We aren’t a shy bunch at Unifor - and that was certainly proved true during last month’s federal election.
In fact, we did exactly what we said we’d do - play an active role in ensuring that Andrew Scheer’s Conservatives never form government and never get the chance to turn the clock back on progressive policies this country needs.
We reached out to our members in key ridings across Canada, making sure they were aware of what was at stake in the election if the Conservatives won.
Scheer tried to portray himself as standing up for ordinary Canadians, but his plans for Canada would have hurt most workers.
He had no real plan to address the cost of living crisis, would have cut key services such education and support for the most vulnerable Canadians, introduce American-style healthcare, and his climate plan would only make things worse.
Scheer also failed to address well-founded concerns about how his socially conservative views on same-sex marriage and reproductive rights would influence any government he led.
In the face of all that, Unifor could not stand idly by. We needed to act.
Besides talking to our own members, we also invested in advertising to get our message out to a wider audience, including television, newspaper and online ads that were the most innovative and creative we have ever produced.
Lisa Raitt, the defeated Conservative MP for Milton, blamed such third-party advertising for the Conservatives losing, saying, “a constant barrage” of ads about Scheer and Ontario Premier Doug Ford helped turn the tide against Conservatives.
“If you drove on any commuting highway in the GTA, you heard three, four, five times an hour different advertisement regarding Andrew Scheer or Doug Ford or whomever saying Conservatives are bad, and that took a toll,” Raitt told CTV News.
It sure did, and that was the point.
The fact is, the Conservatives were defeated in 72 per cent of the 69 ridings we targeted.
At the start of this election, I pledged that Unifor would spend every dime of the money we were allowed to spend under federal election spending rules, and we did. Other unions did not and, quite frankly, that baffles me.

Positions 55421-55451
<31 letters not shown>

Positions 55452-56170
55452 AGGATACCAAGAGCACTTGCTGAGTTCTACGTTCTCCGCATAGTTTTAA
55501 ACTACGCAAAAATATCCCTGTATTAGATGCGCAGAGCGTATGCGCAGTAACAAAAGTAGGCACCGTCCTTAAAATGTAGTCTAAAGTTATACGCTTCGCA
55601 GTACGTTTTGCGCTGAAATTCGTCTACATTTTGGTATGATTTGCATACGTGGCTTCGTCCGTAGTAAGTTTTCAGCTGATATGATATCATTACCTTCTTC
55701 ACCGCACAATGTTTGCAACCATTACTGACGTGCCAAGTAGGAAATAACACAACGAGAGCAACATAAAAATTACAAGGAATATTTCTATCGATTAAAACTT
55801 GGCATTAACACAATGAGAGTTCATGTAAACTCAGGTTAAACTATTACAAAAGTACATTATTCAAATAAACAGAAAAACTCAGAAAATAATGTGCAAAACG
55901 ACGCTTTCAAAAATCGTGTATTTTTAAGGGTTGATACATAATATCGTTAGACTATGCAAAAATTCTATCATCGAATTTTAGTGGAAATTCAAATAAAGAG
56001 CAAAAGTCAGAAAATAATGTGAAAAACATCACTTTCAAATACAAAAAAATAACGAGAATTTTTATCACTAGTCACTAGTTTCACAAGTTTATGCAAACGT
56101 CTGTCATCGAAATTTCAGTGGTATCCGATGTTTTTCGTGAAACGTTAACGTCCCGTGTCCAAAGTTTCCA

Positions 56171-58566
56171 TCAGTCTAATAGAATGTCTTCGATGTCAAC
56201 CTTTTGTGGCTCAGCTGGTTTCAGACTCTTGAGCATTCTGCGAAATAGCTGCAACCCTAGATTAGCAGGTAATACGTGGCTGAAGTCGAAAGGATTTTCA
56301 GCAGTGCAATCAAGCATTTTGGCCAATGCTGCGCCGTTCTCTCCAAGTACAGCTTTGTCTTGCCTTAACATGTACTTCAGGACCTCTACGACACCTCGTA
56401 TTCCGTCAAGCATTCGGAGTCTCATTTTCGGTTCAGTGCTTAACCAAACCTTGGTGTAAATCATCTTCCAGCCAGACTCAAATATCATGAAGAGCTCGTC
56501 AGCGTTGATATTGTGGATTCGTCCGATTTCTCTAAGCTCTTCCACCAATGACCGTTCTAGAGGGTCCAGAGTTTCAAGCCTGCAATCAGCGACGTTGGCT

Unifor, like all unions, has a constitutional right to participate in elections. More than that, we have a responsibility to play a role whenever Canadians are going to the polls, whether federally, provincially or locally.
I’m always astounded by those in the labour movement who lecture about progressive politics and then fail to deliver when the chips are down. Talk is cheap but actions speak volumes, and elections are a time to take action.
Bargaining good contracts for our members is Unifor’s primary focus, of course, but so much of what determines the quality of life for our members and all workers is decided away from the bargaining table.
Legislation around health and safety, workers’ rights to organize, recognition of the rights and needs of precarious workers, minimum wages and more have a direct impact on their working lives.
Beyond that, issues such as universal day care, Pharmacare, same sex marriage, reproductive rights, affordable education and other social issues are fundamental to their quality of life and must be a priority for all unions if we are to fight for working Canadians.
Unifor is proud of the role we played in this election.
We spoke out on behalf of our members, working people in every sector of the economy. Their rights, their livelihood and the security of their families were at risk
Lisa Raitt and other Conservatives might want to blame third party advertising for their loss, but the fact is that the advertising worked because it exposed that the Conservative party and it‘s leader were not there for working Canadians – both in the workplace and at home.
All we did was point that out, and it found an audience.
So, damn right we spoke out.
Damn right it made a difference
And damn right we’ll do it again.